I met Bethany at a baby shower for the PE teacher's wife.  We instantly clicked and sat together.  We laughed about having 3 kids under the age of 4--laughed because we knew at any moment we could cry. We talked about how her oldest and my youngest would be in Kindergarten together and "why don't we go ahead and just arrange the marriage now". Crazy enough, on this day we even had the conversation about meeting new people and whether it was worth the effort to make friends in the ever changing mission/expat community where goodbyes happen every day.  We both decided it was worth the risk.

When Jeff and I sat with Dave & Bethany at our staff Christmas party last month, we were at a small, wobbly table for 2...and there were 6 of us.  We laughed that we were all crowded together having to hold our plates in our hands.  When we said goodbye that night, I was so excited that Bethany and Dave would get to head home for Christmas to see friends and family, what I didn't know was that they would never come back.  Dave wrote an email to our staff after Christmas, the contents of which turned our world upside down.  Bethany had been diagnosed with breast cancer, and we should pray.  There were few details about the diagnosis, and even fewer about the prognosis.  I immediately sent Bethany a message on FB telling her how sorry I was and that our family would be praying.  She wrote back and asked me to "keep praying that I will stay positive and closer to God and fight this physically, spiritually, and emotionally."  That was on December 31st at 6:43am.  I wrote her again on January 2nd and never heard back from her.  I had no idea she was literally fighting for her life as the cancer had aggressively spread throughout her body.  I had no idea our Lord, in his Sovereignty would call her home just days later.

There are so many things I wish I had said and done while I had the chance.  I would have made more of an effort to get together. I would have recorded so many things that Sophia (my youngest) and Isaac (her oldest) talked about at school for us to laugh about.  I would have told her that I would train to run a race with her.  I would have swapped recipes.  I would have made those darn chicken enchiladas that Bethany had to make when I only had to bring chips.   I would have hugged her a gazillion times and thanked her for being faithful to the Call.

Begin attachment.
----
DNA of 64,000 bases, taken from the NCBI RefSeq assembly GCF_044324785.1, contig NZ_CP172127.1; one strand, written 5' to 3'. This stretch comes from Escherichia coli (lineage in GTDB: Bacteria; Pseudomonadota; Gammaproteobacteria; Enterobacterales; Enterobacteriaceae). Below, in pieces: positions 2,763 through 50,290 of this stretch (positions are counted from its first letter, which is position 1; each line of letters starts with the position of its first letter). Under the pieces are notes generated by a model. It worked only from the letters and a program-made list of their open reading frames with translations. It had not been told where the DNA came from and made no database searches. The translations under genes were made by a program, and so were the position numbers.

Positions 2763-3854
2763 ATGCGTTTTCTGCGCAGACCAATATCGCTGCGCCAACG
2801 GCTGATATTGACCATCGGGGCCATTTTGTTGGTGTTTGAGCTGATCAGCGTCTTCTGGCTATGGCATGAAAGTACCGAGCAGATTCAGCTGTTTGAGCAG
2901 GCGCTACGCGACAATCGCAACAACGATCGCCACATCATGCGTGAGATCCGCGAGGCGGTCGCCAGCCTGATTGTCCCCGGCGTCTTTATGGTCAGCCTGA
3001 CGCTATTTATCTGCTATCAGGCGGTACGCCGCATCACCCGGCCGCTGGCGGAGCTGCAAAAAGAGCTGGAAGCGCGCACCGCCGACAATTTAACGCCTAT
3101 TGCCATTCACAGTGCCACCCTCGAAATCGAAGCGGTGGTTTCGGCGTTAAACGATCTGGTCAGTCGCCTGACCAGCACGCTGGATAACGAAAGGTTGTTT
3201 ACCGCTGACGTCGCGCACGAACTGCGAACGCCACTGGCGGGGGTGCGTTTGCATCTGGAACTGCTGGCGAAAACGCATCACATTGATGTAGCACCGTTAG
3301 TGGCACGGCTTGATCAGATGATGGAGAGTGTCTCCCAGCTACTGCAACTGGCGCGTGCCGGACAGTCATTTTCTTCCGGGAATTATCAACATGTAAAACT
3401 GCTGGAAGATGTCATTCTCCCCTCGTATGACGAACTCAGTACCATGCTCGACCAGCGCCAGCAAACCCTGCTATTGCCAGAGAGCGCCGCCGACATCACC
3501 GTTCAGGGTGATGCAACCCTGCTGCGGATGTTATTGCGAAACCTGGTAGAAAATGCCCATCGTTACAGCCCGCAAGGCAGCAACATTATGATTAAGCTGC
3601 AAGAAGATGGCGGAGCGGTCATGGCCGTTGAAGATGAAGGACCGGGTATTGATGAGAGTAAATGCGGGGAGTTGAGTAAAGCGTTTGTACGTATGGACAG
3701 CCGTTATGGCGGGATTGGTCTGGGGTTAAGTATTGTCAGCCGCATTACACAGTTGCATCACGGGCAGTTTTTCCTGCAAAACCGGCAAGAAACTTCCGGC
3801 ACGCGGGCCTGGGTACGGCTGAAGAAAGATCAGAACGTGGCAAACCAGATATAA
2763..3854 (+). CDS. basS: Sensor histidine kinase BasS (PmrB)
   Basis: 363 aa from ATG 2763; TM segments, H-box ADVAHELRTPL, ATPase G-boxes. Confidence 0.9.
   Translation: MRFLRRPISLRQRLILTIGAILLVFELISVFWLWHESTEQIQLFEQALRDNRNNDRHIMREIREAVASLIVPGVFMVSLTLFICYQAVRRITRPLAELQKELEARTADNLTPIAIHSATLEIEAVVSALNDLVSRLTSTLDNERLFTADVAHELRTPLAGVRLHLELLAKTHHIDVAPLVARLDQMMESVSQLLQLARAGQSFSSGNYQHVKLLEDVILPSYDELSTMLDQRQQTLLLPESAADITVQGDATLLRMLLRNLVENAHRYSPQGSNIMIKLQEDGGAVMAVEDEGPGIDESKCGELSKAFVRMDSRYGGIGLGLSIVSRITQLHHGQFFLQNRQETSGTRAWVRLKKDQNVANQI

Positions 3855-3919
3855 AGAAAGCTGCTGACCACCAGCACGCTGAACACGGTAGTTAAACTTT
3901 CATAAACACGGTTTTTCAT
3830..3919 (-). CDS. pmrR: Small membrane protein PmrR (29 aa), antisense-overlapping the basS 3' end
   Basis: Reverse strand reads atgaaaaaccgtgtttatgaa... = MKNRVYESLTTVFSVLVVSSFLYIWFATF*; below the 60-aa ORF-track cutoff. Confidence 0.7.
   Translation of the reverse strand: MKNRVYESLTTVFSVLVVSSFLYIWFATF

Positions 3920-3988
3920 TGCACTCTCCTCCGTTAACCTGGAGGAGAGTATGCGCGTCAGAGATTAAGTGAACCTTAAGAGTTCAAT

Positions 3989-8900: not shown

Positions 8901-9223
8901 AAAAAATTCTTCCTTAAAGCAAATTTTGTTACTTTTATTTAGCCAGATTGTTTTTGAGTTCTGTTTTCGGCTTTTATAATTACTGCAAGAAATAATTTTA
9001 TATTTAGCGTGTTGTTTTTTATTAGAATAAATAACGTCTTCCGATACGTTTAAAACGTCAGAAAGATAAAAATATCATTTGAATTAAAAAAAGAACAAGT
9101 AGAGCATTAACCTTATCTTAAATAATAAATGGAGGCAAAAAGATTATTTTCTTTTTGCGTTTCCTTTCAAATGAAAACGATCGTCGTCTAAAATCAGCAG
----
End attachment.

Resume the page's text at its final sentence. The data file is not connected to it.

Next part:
One of the funniest things that I will hold close to my heart is a conversation about how girls are stronger than boys. The simple story goes something like this...
Dave to me: "Isaac came home yesterday and told Bethany that Sophia had said that 'boys are stronger than girls'. Bethany was so fired up and told Isaac that 'absolutely not--girls are definitely stronger or as strong as boys'!!
Me: "What--we've never taught Sophia that--she has 3 older brothers though, so she probably just assumes that boys are stronger than girls. Don't worry--tell Bethany that I'll set Sophia straight!"

As I wrote to Dave on FB a few days ago, I've made him the promise that Sophia will grow up knowing that girls are stronger than boys.  She will know that Bethany was strong.  She will never let being a girl set her back--we will make sure Bethany's strength will not be forgotten.  It takes guts to live life overseas, it takes purpose, and strength, and it's a risk to love hard and fast.  As I look at Bethany's FB page and see the many pictures and memories people are posting, pictures from high school and college, pictures from Indonesia...I know that while we didn't have a long friendship, I would take that risk of investing in our friendship again and again.  A week of friendship on the mission field is really like 100 years of friendship.  I will always take the risk.  I hope our kids will too.